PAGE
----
Apple’s iPad: The 'Magical Device’ Not Making Worthy Sales
By Naveena Joy | May 4, 2014 9:27 PM EST
In the previous month, Apple has posted better than expected profits, revenues and margins with its iPhones. It had 43.7 million sales as compared to the 38 million anticipated by analysts.
The leaf on the Apple symbol is tinted green at the Apple flagship store on 5th Ave in New York
The company also reported a 5 percent rise in Mac unit sales when the overall PC market struggled. Apple CEO Tim Cook also boasted the amount of cash returned to shareholders by $30 billion to $130 billion stressing to have attracted more investors.
But there is a red line in one of its products that is shaking the balance sheet. Apple's "magical" device, iPad, may be losing its business in the market share.
According to the research firm IDC, iPad tripped to less than a third of all tablet devices sold in Q1 2014. A year earlier, Apple's iPad was more than 40 percent of all tablets sold. Currently, iPad's market share declined by 19.1 percent across the year.
iPad is Apple's second biggest money maker after the iPhone and accounts for about a fifth of sales. Most tablet makers like Samsung would be happy with this kinds of sales. But it's painful for Apple as the company that revolutionized tablets in the market.
Presently, report said Samsung dominates the market with an increase in its market share by nearly five points and took 22.3 percent of the tablet market. The other brands are not selling as much as Samsung. Apple almost lost its customers and a huge share in the market.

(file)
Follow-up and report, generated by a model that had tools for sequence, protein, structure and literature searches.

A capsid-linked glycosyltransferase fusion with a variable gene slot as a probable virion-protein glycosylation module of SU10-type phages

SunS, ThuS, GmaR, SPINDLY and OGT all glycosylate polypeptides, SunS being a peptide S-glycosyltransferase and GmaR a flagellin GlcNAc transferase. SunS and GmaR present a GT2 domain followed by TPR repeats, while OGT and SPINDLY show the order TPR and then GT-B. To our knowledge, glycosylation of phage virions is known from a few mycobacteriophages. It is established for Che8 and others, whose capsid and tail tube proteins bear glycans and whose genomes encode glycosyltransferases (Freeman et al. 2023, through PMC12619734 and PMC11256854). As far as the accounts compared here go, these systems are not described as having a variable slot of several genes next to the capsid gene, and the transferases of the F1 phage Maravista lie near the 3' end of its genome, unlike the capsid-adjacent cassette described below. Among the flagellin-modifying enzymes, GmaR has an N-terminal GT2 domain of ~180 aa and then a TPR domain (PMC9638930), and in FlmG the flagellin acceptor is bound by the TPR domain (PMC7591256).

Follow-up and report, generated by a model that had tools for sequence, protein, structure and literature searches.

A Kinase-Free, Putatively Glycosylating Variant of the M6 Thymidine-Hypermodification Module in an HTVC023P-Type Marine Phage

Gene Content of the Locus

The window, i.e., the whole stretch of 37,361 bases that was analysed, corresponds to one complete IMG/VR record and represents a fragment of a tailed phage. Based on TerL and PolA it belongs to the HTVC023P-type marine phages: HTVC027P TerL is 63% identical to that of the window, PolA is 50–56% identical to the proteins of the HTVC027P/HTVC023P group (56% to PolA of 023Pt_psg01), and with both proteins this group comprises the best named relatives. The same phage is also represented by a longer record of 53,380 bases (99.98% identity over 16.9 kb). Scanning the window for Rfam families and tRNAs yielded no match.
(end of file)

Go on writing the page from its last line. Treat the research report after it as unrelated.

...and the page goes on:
Samsung sells more different types of tablets than Apple does but owning rights is the most important thing. The fall of iPad isn't a surprise. iPad sales have been erratic over the past several quarters with tougher competition and market saturation.
Apple posted its biggest period ever in the holiday quarter with sales of 26 million iPads. But that's one of only two quarters out of the past five that iPad demand rose.
At Q1, iPad sales were far below expectations, it simply scored 16.4 million units or 16.1 percent down. Apple's iPad business has been declining since a very long time and not because of any seasonal post-Christmas dip.
Shipments of the tablet, including the larger screen iPad and iPad mini, have averaged a quarterly decline of 4 percent from 38.2 percent market share to 33.8 percent, year over year since June 2013 quarter.
Cook, speaking to the analysts on the earnings of iPad, said there was some sort of technical account issue to do with inventory levels in the sales channel which means its either placed in stores or in trucks.
He added high customer satisfaction levels, high numbers of people planning to buy an iPad and the availability of Microsoft Office on the iPad make him confident in the rise of tablet sales.
iPad remains to be at the top in category prospects. It's generally priced higher than any tablet in the market. But even after adjusting for inventory differences, iPad sales still declined more than 3 percent.
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